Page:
Before I get into the daily blogs, I'd like to add a few general notes. 

Dogs are such faithful animals.  They go anywhere we go and do anything we ask them to.  At home they have kennels that are their place to be.  Here they have their trailer and the blue tent at night.  We can leave them in their trailer and go into a restaurant or store for an hour or more and they will be patiently waiting for us when we come back.  At night, they are happy as soon as the blue tent goes up.  Especially Lander goes in it as soon as it is up and spends the evening there.  In fact, if someone comes near the tent, he guards it.  Their whole world now is the four of us and wherever we are.  They get quite upset if one of us leaves.  We were on a road once where it was wide open with no traffic and we didn't think there were any bears or mountain lions hiding in the sagebrush, so we let them loose to run.  They stayed right next to the trailer, where they'd been running for 3 weeks, only Afton was able to run up by Jon and Lander.  She did stop every so often to wait for me.  A couple days later, we let them loose again, and they did venture off the road a bit, Lander running on the grass alongside and Afton darting back and forth, chasing birds and butterflies.  Sometimes the dogs remind me of sled dogs.  We harness them up in the morning and I feel like saying "mush".  As soon as we take a break, they curl up into a little ball for a "power nap".  Both of their feet are doing good now.  Lander had some problems the first few weeks, but his pads seemed to have toughened now.  They aren't so stiff or sore in the morning anymore, so I think they are getting Trail Hardy.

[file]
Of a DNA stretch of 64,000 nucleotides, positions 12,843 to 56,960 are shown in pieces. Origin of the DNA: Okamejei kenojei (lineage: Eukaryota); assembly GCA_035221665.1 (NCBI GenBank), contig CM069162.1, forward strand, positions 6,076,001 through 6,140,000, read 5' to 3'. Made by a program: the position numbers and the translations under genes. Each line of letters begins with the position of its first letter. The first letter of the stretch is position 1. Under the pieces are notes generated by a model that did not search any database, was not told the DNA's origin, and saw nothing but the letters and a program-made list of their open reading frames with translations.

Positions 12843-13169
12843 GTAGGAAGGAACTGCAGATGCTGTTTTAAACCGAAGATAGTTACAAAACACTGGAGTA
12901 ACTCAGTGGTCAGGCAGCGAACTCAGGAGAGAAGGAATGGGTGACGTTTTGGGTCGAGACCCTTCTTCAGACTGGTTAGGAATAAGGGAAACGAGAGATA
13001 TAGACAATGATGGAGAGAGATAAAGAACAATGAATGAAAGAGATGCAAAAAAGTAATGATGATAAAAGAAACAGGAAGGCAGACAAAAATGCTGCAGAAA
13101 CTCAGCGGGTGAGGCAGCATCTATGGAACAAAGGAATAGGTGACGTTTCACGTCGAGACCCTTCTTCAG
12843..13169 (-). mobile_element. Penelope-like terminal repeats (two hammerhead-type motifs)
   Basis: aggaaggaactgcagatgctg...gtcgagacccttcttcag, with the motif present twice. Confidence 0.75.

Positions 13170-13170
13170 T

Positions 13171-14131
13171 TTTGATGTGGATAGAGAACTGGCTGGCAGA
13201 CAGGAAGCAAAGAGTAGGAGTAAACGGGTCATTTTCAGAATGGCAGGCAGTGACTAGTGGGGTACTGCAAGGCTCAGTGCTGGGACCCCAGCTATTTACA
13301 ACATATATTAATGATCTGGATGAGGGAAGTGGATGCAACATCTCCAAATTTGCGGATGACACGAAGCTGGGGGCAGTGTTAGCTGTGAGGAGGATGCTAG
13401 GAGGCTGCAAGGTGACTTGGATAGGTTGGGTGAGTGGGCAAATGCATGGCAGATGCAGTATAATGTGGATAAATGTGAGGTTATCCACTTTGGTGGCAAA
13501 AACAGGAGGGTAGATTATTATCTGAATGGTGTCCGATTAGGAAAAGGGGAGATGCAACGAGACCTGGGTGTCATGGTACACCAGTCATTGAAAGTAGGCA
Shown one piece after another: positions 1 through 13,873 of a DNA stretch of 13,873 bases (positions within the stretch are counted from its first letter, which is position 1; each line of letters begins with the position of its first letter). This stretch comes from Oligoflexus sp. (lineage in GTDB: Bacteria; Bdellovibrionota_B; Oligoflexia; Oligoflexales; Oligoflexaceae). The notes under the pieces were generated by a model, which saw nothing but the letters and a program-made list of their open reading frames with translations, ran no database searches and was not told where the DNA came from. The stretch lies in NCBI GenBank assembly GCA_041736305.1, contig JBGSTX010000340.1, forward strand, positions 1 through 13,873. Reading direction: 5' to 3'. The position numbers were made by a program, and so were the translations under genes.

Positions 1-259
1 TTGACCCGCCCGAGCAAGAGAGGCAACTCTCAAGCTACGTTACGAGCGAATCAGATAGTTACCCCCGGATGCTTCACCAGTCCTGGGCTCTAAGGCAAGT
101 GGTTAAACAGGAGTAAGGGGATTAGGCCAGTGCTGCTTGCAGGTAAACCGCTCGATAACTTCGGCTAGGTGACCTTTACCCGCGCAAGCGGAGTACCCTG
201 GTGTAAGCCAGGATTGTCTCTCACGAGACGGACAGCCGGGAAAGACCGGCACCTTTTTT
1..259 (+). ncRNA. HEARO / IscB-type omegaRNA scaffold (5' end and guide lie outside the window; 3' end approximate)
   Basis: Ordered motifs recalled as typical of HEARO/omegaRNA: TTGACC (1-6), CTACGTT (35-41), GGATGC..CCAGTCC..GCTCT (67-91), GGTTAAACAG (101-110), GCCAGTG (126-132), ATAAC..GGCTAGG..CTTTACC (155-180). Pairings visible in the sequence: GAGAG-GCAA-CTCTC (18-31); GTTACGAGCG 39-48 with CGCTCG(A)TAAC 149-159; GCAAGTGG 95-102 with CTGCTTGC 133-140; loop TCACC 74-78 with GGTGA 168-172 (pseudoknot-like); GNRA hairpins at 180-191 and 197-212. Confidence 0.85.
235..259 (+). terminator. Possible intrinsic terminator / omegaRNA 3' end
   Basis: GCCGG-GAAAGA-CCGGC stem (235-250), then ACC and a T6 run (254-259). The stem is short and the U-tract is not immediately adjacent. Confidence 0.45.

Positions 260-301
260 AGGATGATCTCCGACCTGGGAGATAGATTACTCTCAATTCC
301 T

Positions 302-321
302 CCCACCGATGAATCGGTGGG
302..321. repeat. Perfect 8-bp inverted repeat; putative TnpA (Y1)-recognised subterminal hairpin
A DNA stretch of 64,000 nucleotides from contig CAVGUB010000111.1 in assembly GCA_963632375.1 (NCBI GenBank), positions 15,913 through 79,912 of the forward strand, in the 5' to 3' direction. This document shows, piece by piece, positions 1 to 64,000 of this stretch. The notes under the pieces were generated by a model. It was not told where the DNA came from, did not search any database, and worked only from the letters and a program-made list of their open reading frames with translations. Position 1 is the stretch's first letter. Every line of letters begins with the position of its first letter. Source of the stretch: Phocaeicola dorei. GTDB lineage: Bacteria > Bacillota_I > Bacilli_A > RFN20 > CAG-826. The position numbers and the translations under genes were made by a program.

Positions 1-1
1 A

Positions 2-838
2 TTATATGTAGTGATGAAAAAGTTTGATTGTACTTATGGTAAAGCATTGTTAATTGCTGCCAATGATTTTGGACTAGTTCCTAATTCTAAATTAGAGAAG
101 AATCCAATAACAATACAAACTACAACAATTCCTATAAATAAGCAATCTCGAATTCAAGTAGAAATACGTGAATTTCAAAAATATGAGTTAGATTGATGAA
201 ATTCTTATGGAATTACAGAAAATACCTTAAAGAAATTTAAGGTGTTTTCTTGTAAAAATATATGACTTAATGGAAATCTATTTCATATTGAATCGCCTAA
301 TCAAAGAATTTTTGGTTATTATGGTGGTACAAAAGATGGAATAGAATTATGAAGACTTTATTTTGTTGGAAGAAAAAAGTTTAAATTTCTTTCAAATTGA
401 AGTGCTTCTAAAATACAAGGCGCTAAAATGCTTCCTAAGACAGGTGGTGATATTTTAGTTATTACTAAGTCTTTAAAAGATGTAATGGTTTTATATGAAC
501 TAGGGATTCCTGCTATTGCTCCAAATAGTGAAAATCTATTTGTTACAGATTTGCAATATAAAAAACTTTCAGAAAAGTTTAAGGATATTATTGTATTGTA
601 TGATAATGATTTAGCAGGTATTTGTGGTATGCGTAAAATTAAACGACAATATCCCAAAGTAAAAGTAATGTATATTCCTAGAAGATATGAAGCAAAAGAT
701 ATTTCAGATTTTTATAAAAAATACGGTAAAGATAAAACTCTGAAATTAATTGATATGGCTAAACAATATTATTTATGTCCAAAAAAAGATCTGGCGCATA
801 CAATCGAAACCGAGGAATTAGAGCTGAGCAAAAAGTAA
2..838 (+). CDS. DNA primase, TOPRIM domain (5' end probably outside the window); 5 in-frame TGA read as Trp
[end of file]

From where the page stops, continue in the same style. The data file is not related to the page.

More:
The weather has been about as perfect as it can be.  It seems very warm in the hot sun during the day while climbing up a steep hill, but it's probably only in the 70s.  As soon as the sun goes down at night, bam, the temp drops and it's time to layer up and go to bed.  I think it's been in the 30s and 40s in the morning.  Brrrr.  I have heard, although I'm not sure it's true, that the Eskimos used to scale the coldness of a night by how many sled dogs they had to bring into their Igloo to keep them warm, i.e., a one dog night is not as cold as a two dog night, which is not as cold as a three dog night, etc (is that where the band got its name?).  Anyway, we've had lots of 2 dog nights, as they love to snuggle in our sleeping bags with us.

I appreciate all the concern about my wounds.  I'm happy to say the scabs are drying up and falling off.  My thumb and forefinger on my left hand are still a little stiff, but getting better.  Thanks for the kind notes.

We've pondered a lot as we ride the reason for this trip.  The last trip in 98 with the kids was to show them the Country and meet its people.  This is a little different.  It is to challenge ourselves, but from all the comments from people following us, we hope we can be an inspiration to people of all ages, that something worth doing takes a lot of commitment and a lot of work, but you have to stick with it, even when it gets tough.

And this is a tough trip-much more than the last one.  We have more weight, we have dogs to take care of, the roads are definitely more of a challenge, and we are older.  But like I said, you have to stick with it, even with the going gets tough.